Pope Rejects Communist Crucifix from Bolivia President: ‘That’s Not Right’

While media have questioned Pope Francis’ political ideology, here’s one thing he won’t do: accept a communist crucifix.

Shortly after arriving in Bolivia, in the presidential palace, President Evo Morales handed Pope Francis a gift: a crucifix carved in the shape of a hammer and sickle. 

Pope Francis responded, “That’s not right,” or, "no está bien eso,” in Spanish. ACI Prensa, sister agency to Catholic News Agency, posted a Vine on the exchange.

“The Pope was not amused, and he let the president know about it,” Rome Reports wrote.

According to the Wall Street Journal, President Morales also "draped a medallion over [the pope's] neck that bore the hammer and sickle." A longer video appeared to show that: 

The crucifix resembled the cross of Fr. Luís Espinal, a Spanish Jesuit who was tortured and killed by Bolivia's paramilitary squads in 1980. During his time in Bolivia, Pope Francis blessed a memorial for the priest.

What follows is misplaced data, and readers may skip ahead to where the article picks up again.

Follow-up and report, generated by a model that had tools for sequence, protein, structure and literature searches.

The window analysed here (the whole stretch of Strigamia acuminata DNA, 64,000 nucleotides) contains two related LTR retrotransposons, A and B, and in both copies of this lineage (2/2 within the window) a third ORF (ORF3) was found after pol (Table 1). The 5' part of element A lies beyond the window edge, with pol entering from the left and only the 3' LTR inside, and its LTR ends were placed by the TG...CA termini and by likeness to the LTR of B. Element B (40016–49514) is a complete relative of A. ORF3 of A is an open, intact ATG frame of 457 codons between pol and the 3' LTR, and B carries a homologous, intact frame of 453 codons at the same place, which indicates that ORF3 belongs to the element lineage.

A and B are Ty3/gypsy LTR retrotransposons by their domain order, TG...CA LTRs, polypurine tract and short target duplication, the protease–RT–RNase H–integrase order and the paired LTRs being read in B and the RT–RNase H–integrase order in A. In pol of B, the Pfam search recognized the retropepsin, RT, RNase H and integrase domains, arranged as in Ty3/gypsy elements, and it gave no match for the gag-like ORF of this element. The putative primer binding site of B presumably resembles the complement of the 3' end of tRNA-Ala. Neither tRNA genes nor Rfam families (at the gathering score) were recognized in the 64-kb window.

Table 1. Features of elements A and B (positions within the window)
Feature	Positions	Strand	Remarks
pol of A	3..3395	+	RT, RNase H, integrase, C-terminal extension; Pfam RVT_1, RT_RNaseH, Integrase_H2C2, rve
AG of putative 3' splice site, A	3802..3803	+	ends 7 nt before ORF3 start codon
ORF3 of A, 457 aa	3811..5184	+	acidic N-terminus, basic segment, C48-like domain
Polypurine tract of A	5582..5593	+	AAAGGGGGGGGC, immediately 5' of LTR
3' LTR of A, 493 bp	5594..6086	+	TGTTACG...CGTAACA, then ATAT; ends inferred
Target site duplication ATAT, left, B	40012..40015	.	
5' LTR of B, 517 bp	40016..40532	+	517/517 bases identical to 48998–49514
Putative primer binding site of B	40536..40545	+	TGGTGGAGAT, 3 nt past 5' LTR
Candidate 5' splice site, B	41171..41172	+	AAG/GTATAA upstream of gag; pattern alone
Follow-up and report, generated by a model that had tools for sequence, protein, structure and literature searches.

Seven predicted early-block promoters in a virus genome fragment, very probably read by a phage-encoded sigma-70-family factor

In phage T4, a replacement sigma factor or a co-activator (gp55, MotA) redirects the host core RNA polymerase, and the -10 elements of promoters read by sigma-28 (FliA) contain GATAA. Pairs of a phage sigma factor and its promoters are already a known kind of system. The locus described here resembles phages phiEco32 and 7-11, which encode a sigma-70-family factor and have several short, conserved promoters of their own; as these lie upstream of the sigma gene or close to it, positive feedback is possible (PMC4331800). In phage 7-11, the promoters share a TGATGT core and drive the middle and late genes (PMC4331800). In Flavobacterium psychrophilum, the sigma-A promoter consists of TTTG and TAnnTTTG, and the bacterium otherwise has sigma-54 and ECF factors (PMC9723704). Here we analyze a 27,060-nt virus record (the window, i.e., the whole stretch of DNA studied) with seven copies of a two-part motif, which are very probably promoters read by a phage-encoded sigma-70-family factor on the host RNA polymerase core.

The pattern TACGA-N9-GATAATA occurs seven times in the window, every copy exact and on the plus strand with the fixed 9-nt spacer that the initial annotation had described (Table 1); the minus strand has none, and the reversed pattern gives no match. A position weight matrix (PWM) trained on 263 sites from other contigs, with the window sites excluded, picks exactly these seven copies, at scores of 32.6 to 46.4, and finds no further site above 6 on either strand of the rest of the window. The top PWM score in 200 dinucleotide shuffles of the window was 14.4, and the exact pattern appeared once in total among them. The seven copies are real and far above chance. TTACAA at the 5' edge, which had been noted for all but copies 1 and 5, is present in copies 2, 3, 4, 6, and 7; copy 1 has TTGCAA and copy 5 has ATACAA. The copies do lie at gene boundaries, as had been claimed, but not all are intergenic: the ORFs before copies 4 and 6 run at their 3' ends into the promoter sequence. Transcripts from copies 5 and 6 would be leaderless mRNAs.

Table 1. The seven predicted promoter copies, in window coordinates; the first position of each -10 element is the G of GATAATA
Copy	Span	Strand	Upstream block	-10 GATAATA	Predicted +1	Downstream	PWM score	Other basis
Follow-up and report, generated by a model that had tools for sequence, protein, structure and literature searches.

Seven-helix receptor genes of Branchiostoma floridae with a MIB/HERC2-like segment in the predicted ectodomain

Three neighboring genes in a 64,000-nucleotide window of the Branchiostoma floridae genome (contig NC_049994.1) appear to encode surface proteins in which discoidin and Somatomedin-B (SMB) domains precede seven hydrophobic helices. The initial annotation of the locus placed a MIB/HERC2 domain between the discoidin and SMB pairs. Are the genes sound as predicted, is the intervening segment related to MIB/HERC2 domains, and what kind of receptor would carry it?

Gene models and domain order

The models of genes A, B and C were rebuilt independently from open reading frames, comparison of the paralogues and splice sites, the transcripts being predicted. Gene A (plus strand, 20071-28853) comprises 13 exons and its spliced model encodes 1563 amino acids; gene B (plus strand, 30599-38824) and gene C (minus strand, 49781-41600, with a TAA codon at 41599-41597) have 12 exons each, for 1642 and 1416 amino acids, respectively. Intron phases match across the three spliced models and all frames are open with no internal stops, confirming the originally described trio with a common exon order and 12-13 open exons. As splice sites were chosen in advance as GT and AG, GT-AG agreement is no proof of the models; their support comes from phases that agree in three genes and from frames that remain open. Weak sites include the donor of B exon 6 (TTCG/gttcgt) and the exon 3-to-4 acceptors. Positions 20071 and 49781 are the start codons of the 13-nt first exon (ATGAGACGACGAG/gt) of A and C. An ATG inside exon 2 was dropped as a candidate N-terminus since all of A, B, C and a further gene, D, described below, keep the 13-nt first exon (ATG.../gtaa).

When President Morales took office in 2006, he removed both the Bible and cross from the presidential palace, according to International Business Times.

While news media including the Wall Street Journal and AP acknowledged the gift, they have not noted Pope Francis’ reaction.

UPDATE: AP reported that the Vatican spokesman, the Rev. Federico Lombardi, said Pope Francis didn't know the history behind the crucifix and that he was suprised to receive it. Rev. Lombardi admitted, according to AP, "it wasn't known what the pope had said."

UPDATE: On Monday, AP reported that, "Pope Francis says he wasn't offended." "During a news conference en route home to Rome on Sunday," the report read, "Francis said he interpreted Morales' gift through the prism of Espinal's Marxist bent and viewed it as protest art."

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